Sunday, March 19, 2017

Women's History Makerspace Fun

           Last year the students created a Women's History Museum to celebrate the past accomplishments of various women. This year I wanted to not only celebrate women from the past but also women who are currently working in STEM type occupations. I felt this was a great way to share with the students, especially the girls, the many different type of jobs that are available in the STEM field and incorporate my makerspace. I gathered my materials and set about designing a month of activities that would hopefully inspire creativity and inquiry. 
          Using the materials that I had in my makerspace I came up with eight stations for students to explore through the month of March.   I created a hyperdoc for them to use to do their research and post their findings. 


 

           As soon as students walked in their eyes immediately went to the stations set up in the corner of the media center. I explained what we were going to do, assigned them groups, and they began their research. They learned about computer programmers, aviators, inventors, video game developers, engineers, and construction engineers.  As students finished their research they moved to the makerspace stations and the excitement grew as they tried to recreate the inventions or designs of their women. 


           At each station students were collaborating, problem solving, and creating products to represent their women. Here are some of the products that were created during the first week. 





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             I am looking forward to watching the students discover and create over the next several weeks in our Women's History Makerspace. 

















Thursday, March 2, 2017

Crime Scene Investigation Seuss Style

          This year I wanted to do something different for Read Across America Week. I decorated my media center to excite the students, planned Breakouts with 2nd-4th graders, but wanted something different for my 5th graders. I went online to look for ideas and ran across a blog post by Sarah Svarda called Suesstastic Mystery in Library Revealed. After reading it I realized that this was exactly what I needed for my 5th graders. It was engaging, thought provoking and fun. It was time to create the crime scene.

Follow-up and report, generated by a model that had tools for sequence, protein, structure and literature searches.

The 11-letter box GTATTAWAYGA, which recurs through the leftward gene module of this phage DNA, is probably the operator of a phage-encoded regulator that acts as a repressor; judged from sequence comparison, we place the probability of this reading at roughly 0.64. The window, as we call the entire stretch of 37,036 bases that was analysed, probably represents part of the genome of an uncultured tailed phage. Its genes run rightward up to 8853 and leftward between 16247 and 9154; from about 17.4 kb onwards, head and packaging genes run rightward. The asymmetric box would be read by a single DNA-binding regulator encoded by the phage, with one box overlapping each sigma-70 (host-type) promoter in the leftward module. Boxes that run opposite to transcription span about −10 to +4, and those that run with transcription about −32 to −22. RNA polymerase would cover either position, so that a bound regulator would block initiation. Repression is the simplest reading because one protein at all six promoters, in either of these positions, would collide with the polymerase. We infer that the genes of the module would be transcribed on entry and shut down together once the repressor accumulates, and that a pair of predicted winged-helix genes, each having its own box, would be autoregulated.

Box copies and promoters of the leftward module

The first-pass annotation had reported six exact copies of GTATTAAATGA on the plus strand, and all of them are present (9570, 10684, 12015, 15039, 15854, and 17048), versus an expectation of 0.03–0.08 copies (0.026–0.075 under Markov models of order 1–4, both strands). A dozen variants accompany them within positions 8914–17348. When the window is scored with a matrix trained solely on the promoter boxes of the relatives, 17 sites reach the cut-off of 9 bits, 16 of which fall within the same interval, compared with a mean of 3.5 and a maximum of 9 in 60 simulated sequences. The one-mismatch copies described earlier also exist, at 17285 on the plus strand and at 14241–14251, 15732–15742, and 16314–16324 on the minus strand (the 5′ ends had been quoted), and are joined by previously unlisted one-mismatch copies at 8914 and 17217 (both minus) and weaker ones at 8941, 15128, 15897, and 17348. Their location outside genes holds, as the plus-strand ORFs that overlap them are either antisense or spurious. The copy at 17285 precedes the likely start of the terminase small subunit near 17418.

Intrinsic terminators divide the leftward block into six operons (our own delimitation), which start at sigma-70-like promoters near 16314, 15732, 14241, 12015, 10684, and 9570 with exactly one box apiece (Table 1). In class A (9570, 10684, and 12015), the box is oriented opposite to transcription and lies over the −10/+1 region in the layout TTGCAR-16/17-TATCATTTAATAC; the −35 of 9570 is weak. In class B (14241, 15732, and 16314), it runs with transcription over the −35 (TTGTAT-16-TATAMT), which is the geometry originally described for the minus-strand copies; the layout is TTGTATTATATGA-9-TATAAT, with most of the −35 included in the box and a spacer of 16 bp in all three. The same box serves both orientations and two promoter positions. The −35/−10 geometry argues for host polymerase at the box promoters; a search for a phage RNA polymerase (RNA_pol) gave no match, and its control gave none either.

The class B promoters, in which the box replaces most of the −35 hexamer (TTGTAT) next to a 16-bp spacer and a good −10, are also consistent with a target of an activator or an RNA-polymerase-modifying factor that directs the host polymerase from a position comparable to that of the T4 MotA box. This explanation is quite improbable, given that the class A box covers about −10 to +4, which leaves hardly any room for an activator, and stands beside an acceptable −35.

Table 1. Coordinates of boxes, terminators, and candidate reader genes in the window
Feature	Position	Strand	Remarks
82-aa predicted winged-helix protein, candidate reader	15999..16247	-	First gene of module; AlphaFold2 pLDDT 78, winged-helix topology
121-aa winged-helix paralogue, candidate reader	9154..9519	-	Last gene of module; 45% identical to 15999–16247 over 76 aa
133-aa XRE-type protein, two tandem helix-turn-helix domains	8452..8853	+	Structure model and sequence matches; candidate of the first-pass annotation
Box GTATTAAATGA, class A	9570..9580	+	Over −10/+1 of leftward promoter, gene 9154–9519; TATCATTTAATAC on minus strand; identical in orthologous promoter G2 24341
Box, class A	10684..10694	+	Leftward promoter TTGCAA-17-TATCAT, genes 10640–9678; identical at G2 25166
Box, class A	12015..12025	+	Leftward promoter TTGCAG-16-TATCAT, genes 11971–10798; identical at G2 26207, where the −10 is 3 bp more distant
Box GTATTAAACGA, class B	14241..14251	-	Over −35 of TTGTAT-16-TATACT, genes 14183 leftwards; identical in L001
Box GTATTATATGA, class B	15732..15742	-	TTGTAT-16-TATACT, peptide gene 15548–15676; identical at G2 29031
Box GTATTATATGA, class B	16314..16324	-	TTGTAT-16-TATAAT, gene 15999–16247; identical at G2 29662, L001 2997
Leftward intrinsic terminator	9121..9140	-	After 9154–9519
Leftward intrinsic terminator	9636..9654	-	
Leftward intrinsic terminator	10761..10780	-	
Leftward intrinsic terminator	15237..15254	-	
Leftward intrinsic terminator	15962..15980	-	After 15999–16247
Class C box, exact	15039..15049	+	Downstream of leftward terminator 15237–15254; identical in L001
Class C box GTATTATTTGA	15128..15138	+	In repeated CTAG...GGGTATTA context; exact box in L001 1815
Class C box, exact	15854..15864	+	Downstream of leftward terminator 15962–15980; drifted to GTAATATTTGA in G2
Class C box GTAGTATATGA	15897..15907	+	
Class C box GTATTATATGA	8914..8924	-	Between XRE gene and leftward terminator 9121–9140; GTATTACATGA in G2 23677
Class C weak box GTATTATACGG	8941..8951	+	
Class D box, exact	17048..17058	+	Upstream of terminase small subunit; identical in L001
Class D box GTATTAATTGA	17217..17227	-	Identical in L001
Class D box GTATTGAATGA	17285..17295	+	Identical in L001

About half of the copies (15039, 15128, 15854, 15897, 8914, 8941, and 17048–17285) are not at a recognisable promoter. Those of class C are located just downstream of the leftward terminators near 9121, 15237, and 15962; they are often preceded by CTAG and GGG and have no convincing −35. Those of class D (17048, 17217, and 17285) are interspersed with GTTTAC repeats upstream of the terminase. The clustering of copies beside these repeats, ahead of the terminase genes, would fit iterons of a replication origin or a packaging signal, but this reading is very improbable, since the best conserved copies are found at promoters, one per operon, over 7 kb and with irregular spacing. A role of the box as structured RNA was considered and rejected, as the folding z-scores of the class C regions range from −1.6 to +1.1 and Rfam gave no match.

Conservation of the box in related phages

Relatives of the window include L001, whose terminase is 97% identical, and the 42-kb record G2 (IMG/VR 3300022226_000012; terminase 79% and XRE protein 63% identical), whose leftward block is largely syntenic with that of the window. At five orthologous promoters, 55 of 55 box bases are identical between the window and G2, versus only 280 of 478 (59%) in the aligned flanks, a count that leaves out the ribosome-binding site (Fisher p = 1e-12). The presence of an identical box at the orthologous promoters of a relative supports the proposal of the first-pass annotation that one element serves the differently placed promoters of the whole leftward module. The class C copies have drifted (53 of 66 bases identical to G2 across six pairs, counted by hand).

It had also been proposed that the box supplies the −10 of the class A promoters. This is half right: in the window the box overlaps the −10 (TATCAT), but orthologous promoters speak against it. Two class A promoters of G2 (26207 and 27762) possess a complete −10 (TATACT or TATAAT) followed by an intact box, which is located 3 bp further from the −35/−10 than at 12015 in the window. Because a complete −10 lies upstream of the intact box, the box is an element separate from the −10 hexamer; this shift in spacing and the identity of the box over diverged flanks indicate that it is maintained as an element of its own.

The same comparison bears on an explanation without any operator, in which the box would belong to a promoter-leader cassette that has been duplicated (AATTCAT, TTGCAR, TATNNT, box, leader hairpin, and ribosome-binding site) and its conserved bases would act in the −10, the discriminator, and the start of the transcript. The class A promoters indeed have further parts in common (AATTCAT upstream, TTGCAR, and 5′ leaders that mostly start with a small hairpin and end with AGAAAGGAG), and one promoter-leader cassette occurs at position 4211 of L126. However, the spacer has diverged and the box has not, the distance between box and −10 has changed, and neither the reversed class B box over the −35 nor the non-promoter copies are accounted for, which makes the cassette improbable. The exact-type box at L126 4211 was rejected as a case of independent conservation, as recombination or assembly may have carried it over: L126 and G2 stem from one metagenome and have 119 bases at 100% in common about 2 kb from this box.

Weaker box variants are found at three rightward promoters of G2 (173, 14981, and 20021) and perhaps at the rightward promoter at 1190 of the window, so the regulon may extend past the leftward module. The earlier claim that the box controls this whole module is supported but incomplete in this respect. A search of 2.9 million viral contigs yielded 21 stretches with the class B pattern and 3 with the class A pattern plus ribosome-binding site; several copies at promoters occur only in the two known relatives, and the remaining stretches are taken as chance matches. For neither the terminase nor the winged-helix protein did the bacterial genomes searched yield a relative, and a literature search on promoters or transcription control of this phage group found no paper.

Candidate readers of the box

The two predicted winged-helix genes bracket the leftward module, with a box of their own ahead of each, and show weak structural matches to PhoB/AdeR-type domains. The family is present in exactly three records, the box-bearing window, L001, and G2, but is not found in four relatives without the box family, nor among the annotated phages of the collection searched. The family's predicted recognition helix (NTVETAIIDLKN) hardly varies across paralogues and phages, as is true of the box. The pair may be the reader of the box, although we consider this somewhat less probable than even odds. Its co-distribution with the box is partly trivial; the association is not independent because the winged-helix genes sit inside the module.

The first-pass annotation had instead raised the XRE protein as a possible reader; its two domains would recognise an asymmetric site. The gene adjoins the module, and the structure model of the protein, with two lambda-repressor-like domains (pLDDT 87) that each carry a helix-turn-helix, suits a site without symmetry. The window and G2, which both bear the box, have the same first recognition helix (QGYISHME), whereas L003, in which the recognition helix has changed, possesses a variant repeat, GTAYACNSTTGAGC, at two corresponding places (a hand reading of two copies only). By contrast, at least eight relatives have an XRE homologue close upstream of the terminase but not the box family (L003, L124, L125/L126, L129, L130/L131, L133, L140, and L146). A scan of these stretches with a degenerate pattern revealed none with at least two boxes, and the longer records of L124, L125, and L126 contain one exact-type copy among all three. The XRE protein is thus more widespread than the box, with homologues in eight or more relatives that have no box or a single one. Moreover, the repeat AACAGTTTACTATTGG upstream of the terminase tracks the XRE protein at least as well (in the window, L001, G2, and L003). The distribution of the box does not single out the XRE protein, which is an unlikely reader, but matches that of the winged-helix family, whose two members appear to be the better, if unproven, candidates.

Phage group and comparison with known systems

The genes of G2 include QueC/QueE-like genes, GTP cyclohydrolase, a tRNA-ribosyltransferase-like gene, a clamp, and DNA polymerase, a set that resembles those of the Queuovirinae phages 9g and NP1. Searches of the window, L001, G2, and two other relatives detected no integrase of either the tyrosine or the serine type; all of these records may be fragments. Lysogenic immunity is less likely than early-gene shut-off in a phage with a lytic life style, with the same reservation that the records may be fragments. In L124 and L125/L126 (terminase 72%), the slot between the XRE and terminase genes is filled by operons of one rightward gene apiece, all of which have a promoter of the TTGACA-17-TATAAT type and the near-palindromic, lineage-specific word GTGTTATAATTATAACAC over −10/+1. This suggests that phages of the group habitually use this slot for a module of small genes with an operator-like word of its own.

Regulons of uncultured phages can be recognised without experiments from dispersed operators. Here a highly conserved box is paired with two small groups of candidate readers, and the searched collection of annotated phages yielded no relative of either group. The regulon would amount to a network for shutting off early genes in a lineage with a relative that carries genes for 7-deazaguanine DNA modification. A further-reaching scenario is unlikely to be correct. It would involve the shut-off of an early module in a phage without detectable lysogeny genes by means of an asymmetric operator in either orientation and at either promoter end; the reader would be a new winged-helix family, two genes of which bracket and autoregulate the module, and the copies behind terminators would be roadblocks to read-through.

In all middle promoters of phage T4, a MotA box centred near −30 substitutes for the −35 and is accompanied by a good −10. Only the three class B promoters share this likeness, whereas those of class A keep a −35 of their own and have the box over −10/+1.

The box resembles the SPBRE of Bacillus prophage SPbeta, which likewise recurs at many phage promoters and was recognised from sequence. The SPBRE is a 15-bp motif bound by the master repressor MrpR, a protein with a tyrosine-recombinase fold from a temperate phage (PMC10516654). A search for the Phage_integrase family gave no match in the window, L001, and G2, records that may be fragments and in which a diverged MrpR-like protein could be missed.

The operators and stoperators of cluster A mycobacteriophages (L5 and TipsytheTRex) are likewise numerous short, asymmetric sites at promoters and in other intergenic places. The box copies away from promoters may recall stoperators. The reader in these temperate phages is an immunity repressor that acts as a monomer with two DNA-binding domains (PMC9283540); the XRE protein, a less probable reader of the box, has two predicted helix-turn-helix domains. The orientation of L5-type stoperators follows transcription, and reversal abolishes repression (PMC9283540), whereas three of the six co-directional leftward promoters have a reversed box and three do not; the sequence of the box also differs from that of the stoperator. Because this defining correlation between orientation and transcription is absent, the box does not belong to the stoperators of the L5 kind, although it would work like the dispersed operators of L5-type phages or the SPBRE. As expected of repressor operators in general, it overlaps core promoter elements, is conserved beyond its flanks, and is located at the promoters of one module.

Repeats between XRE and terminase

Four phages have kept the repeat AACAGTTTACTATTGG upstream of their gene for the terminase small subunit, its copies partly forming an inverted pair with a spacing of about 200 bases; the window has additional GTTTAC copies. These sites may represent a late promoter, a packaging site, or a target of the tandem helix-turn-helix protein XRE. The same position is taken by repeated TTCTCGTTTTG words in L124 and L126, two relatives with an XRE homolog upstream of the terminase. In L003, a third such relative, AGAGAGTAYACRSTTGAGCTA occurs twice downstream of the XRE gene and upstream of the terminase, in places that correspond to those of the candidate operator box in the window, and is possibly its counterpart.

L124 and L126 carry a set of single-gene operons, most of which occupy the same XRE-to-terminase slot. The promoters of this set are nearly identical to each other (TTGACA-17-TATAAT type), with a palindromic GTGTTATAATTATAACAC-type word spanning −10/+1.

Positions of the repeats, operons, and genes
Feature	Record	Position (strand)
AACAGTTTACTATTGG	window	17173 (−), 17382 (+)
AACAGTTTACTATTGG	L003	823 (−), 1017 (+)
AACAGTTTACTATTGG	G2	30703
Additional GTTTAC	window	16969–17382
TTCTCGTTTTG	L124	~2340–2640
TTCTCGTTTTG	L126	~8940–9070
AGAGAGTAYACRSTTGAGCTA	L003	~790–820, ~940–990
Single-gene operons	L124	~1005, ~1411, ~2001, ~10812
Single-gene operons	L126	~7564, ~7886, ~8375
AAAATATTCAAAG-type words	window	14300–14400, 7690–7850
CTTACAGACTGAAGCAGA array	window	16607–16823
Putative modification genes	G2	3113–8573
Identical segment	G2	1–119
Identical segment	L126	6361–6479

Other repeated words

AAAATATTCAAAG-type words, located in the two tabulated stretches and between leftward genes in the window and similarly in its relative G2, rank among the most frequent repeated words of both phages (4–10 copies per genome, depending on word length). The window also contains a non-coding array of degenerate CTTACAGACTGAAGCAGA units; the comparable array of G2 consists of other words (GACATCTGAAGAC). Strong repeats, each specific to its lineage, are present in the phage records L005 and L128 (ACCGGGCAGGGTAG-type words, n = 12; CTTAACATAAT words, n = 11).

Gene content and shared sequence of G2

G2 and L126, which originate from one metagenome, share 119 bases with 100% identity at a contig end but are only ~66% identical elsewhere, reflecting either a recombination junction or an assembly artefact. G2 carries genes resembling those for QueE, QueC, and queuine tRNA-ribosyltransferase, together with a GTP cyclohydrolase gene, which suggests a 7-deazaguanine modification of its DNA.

The students were excited and started asking questions as soon as they came in. I had them sit down and explained we had a horrible crime in the media center last night; books ripped, bar codes removed, food left, and scanners moved. We had to solve the crime before we could check out because I couldn't remove evidence from the crime scene.  I divided them into teams and explained that they needed to analyze the crime scene and alibis to get as many clues as possible. We talked about the importance of paying attention to the details and how sometimes it was the smallest details that can help solve a mystery.  They divided into teams and began their investigation.



            Critical thinking and problem solving were evident at each stage. They were working together and debating their theories while supporting it with evidence from the alibis or crime scene. I threw a lot of red herrings in, as Sarah suggested, to throw them off but they were diligent and kept returning to the alibis given and the crime scene. By the end of the investigation most of them had figured out who was guilty. We discussed the details that led to their decisions and the evidence that suggested it. As the students left the media center I did a quick poll to see how they enjoyed the lesson and they confirmed that they had really enjoyed the Seuss Crime Scene Investigation.  I love to see students so engaged that they don't realize how much problem solving, collaboration, and critical thinking they are truly doing. Today was a great day in the media center.